Update #1- First Negotiating Round - 3 June 2009
The first round of FTA negotiations between Australia and Korea was held in Melbourne and Canberra from 18-22 May 2009.
The Hon Simon Crean MP, Australian Minister for Trade, and his Korean counterpart, H.E. Mr Kim Jong-hoon, opened the round during bilateral trade talks in Melbourne on 18 May. This meeting provided an opportunity for an exchange on each side’s priorities, sensitivities and goals for the FTA, and reaffirmed each sides’ strong political commitment to a high-quality, comprehensive and commercially-meaningful agreement. Mr Crean’s press release on the commencement of talks can be found at the following weblink:
- Media release: Free Trade Negotiations with South Korea Underway, Minister for Trade, Simon Crean, 18 May 2009
Following that opening session, officials conducted four days of negotiations in Canberra. The Korean delegation, of about 65 officials in total, was led by Director General Choi Kyung-lim, from the Korean Ministry of Foreign Affairs and Trade (MOFAT). A similarly-sized Australia delegation was led by Jan Adams, Head, Korea FTA Task Force, Department of Foreign Affairs and Trade (DFAT).
Overall, discussions were positive. Each side was constructive in its approach, and all major topic areas were canvassed.
On market access for goods, we said that Australia was seeking to negotiate a comprehensive FTA that secured real commercial benefits for Australian industry. Korea said that it also wanted to conclude a high quality agreement, but stressed that its sensitivities on market access for agricultural products would need to be taken into account. Australia and Korea agreed to exchange initial market access offers (i.e. lists of possible tariff concessions) in the lead-up to the second round.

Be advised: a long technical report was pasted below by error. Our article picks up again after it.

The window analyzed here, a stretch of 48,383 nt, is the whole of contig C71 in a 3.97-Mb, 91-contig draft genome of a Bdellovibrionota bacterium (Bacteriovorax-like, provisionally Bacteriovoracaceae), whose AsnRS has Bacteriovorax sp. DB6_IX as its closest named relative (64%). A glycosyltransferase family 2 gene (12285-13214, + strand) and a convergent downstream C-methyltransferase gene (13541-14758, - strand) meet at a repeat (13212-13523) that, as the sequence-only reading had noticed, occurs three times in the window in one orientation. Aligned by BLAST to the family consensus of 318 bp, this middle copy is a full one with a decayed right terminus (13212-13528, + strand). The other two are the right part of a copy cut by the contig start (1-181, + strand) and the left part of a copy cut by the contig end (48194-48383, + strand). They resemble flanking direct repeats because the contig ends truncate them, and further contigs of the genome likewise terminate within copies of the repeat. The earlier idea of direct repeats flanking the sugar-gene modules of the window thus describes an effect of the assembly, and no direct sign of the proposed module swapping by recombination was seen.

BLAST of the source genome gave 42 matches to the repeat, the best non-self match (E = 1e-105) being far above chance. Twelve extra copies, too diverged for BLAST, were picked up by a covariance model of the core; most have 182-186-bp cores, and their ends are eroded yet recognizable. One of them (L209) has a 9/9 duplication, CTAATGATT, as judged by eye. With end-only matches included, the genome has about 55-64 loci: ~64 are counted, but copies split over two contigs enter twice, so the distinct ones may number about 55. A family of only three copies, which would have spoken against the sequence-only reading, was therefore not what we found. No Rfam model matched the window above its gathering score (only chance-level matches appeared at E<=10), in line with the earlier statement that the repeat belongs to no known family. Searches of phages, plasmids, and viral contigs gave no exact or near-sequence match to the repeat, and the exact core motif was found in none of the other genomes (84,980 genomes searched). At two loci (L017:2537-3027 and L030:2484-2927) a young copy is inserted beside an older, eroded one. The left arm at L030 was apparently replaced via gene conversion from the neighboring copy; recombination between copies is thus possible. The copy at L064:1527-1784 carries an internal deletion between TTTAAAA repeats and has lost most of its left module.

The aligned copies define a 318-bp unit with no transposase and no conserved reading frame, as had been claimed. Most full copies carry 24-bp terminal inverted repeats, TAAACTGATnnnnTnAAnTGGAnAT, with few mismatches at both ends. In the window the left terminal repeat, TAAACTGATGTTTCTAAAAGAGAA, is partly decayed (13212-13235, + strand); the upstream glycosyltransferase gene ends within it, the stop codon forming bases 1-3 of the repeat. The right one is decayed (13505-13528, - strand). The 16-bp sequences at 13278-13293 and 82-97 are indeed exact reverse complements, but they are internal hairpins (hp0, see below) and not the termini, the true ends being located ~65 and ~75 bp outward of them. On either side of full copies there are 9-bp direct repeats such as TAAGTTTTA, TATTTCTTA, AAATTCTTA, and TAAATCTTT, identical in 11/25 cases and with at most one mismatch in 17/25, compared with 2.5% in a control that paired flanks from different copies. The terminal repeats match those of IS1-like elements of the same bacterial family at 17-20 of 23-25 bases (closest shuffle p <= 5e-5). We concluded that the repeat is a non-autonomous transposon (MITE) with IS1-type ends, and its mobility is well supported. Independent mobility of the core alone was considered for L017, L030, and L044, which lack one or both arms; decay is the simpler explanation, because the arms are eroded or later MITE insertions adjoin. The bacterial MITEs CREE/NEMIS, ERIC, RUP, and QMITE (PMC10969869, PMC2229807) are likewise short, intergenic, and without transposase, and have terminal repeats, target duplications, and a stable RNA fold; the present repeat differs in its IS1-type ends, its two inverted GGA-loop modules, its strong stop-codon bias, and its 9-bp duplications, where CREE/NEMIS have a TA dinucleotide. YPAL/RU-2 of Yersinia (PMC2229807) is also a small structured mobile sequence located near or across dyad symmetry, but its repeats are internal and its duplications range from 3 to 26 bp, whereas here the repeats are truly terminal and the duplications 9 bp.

The two sides had constructive exchanges on goods-related chapters. Although the approaches being taken by both sides are familiar in some areas, there are also some important differences which will require further discussion.
Korea is seeking to include chapters that would provide for enhanced cooperation in the agricultural and resources sectors. We have told Korea that we will need time to consider Korea’s proposals in these areas.
Productive discussions also were held on various services and investment topics, although more detailed discussions will be required in subsequent rounds. In addition to further discussions on draft texts at upcoming rounds, the two sides have agreed that we will aim to exchange initial services and investment market access offers between the second and third rounds of negotiations.
Elsewhere, the two sides also had useful exchanges on topics including intellectual property rights, competition policy, government procurement and legal and institutional issues.
Looking ahead, the second round of negotiations will be held in Seoul, most likely in September.
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